Af­ter unimag­in­able trauma, a thread of hope

Grazia (UK) - - Contents - WO R D S JESSIE PARKS

Fol­low­ing the dev­as­tat­ing mas­sacre of Iraq’s Yazidis by Isis, the women who sur­vived are re­pair­ing their lives through a unique project that of­fers sup­port as well as skills


40 de­grees the day Isis came to the Iraqi vil­lage of Tel Qasab, near Sin­jar. As con­voys of un­fa­mil­iar trucks ap­peared on the hori­zon, a sense of fore­bod­ing de­scended over the area like a rolling fog. Sin­dus, 24, was heav­ily preg­nant and had a bag of baby clothes and nap­pies packed and ready to go by the door, but this was not in prepa­ra­tion for her dash to the hospi­tal when her wa­ters broke. In­stead, it was to en­able her and her hus­band, Farhad, to flee at a mo­ment’s no­tice. She was right to be pre­pared. On her due date of 4 Au­gust, they saw the omi­nous sight dreaded by all Yazidis: heav­ily armed Isis sol­diers ar­riv­ing in town, their black and white flags blow­ing in the wind.

‘We ran for Mount Sin­jar be­cause we heard the roads had been blocked off ev­ery­where else,’ Sin­dus tells Grazia. ‘I’ll never for­get the sight of thou­sands of peo­ple run­ning up the moun­tain; some had no shoes and their feet were torn and bloody from the rocks. I was in pain from my pregnancy and gave birth to my son, Hawar, a few days later on the moun­tain. Up there we had to sleep on stones and peo­ple were dy­ing around us from star­va­tion and thirst. Farhad went off to search for food and I never saw him again.’

Be­cause, in Au­gust 2014, those trucks brought geno­cide to Sin­jar. Ji­hadists sought to eth­ni­cally cleanse the re­gion of the an­cient Kur­dish mi­nor­ity – which takes re­li­gious el­e­ments from both Chris­tian­ity and Is­lam – that Isis ac­cuse of be­ing ‘devil wor­ship­pers’. By the time it ended, 300,000 Yazidis had fled, 9,900 were killed or cap­tured, with al­most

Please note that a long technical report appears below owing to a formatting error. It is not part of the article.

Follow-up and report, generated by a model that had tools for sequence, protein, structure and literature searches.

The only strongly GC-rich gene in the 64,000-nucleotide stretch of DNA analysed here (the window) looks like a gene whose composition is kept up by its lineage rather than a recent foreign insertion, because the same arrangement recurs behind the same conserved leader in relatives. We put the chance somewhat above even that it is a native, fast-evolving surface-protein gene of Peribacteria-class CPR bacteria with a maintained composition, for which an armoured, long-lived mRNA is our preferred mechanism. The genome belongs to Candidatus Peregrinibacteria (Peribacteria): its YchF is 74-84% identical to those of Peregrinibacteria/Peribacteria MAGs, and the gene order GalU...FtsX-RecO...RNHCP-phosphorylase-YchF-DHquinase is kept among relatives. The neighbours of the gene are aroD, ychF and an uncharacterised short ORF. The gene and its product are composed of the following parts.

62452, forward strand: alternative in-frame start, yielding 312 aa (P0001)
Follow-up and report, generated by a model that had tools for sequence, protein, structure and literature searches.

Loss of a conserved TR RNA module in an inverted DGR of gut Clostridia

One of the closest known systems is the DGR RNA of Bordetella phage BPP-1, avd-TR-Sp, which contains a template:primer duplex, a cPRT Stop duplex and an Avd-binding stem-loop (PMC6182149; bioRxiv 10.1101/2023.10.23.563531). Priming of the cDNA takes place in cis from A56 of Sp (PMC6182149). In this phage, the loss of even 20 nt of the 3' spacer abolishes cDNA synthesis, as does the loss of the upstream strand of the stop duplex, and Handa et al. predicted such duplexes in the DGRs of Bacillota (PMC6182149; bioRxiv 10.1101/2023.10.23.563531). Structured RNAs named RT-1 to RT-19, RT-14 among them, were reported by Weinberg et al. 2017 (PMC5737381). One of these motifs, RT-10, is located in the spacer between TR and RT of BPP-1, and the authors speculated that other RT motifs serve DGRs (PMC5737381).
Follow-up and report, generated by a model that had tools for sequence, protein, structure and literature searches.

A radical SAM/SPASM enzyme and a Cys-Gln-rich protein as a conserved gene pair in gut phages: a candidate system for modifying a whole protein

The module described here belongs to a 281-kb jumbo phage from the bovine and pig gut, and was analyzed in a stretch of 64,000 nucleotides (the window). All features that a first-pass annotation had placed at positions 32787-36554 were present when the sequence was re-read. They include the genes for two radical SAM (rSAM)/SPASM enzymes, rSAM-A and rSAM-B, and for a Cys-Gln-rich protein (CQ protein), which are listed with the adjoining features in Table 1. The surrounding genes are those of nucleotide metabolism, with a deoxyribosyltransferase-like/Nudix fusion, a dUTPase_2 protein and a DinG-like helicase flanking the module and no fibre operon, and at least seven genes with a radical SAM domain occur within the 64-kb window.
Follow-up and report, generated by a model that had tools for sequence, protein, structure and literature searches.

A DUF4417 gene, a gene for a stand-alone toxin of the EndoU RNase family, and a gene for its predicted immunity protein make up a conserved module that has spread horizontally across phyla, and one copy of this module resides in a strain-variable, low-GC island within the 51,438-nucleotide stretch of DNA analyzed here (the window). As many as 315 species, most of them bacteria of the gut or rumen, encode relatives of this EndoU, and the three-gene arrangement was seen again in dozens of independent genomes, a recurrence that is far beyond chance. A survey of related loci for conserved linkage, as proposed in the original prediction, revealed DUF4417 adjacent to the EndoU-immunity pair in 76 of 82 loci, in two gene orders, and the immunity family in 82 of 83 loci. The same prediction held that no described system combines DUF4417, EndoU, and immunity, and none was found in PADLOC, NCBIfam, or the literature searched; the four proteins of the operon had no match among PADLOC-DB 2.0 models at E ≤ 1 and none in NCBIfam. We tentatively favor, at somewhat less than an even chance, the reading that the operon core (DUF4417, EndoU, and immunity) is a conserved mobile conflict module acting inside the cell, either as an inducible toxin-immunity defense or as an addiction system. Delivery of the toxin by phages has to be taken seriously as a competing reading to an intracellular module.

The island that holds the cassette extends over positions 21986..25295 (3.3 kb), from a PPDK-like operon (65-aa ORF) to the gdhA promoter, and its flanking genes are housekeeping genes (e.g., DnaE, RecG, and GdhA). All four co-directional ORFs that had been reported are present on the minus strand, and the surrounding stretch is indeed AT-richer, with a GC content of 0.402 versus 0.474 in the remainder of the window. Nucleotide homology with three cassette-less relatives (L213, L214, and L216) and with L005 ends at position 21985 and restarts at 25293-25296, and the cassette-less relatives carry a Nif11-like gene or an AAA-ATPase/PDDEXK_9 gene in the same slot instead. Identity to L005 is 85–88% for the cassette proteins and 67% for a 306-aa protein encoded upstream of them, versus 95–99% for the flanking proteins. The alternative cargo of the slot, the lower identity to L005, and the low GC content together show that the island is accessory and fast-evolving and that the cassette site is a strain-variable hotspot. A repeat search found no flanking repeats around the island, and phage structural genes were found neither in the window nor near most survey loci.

half mas­sa­cred – ei­ther shot, beheaded or burnt alive. The rest died from star­va­tion, de­hy­dra­tion or in­juries on Mount Sin­jar, and more than 7,000 girls and women were kid­napped as sex slaves.

While Sin­dus and her baby sur­vived, Farhad never re­turned. ‘I searched for days, scream­ing his name. We only had two years to­gether in this world, it wasn’t long enough,’ Sin­dus weeps. A week later, Kur­dish troops opened a route that al­lowed peo­ple trapped on the moun­tain to en­ter Syria and move into Iraqi Kur­dis­tan on foot – a jour­ney that takes 10 days.

Those who sur­vived, in­clud­ing Sin­dus, are still dis­placed and liv­ing in camps in the re­gion. But a new char­i­ta­ble project called Sewing Sis­ters is bring­ing hope to her and some of the most vul­ner­a­ble fe­male refugees. Many – who had no need to work be­fore their dis­place­ment – have few or no skills, but have sud­denly found them­selves the sole bread­win­ners now that male rel­a­tives are miss­ing or dead.

Based in the Rwanga Com­mu­nity Camp in Qadiya, Iraq, Sewing Sis­ters is a col­lec­tive of 15 vol­un­teers who teach women in­comegen­er­at­ing skills like sewing and tai­lor­ing.

Ta­ban Shoresh, 34, who sup­ports the ini­tia­tive through her Lo­tus Flower char­ity, along with The Kindly Col­lec­tive, now lives in London, hav­ing sur­vived geno­cide in Iraqi Kur­dis­tan un­der Sad­dam Hus­sein. She ex­pe­ri­enced im­pris­on­ment at the age of four, as well as nar­rowly es­cap­ing be­ing buried alive with her fam­ily be­cause her father was crit­i­cal of Sad­dam’s regime. They were res­cued by Amnesty In­ter­na­tional and taken to safety in Eng­land in 1988. She was so hor­ri­fied watch­ing the mass slaugh­ters hap­pen all over again, she knew it was her call­ing to help.

‘I re­turned to Iraq for 15 months and flew over Mount Sin­jar in an aid plane dur­ing the Au­gust mas­sacre,’ she says. ‘I founded The Lo­tus Flower in re­sponse to the des­per­ate strug­gles I saw at that time. It brought back mem­o­ries of the tragedy my fam­ily went through.’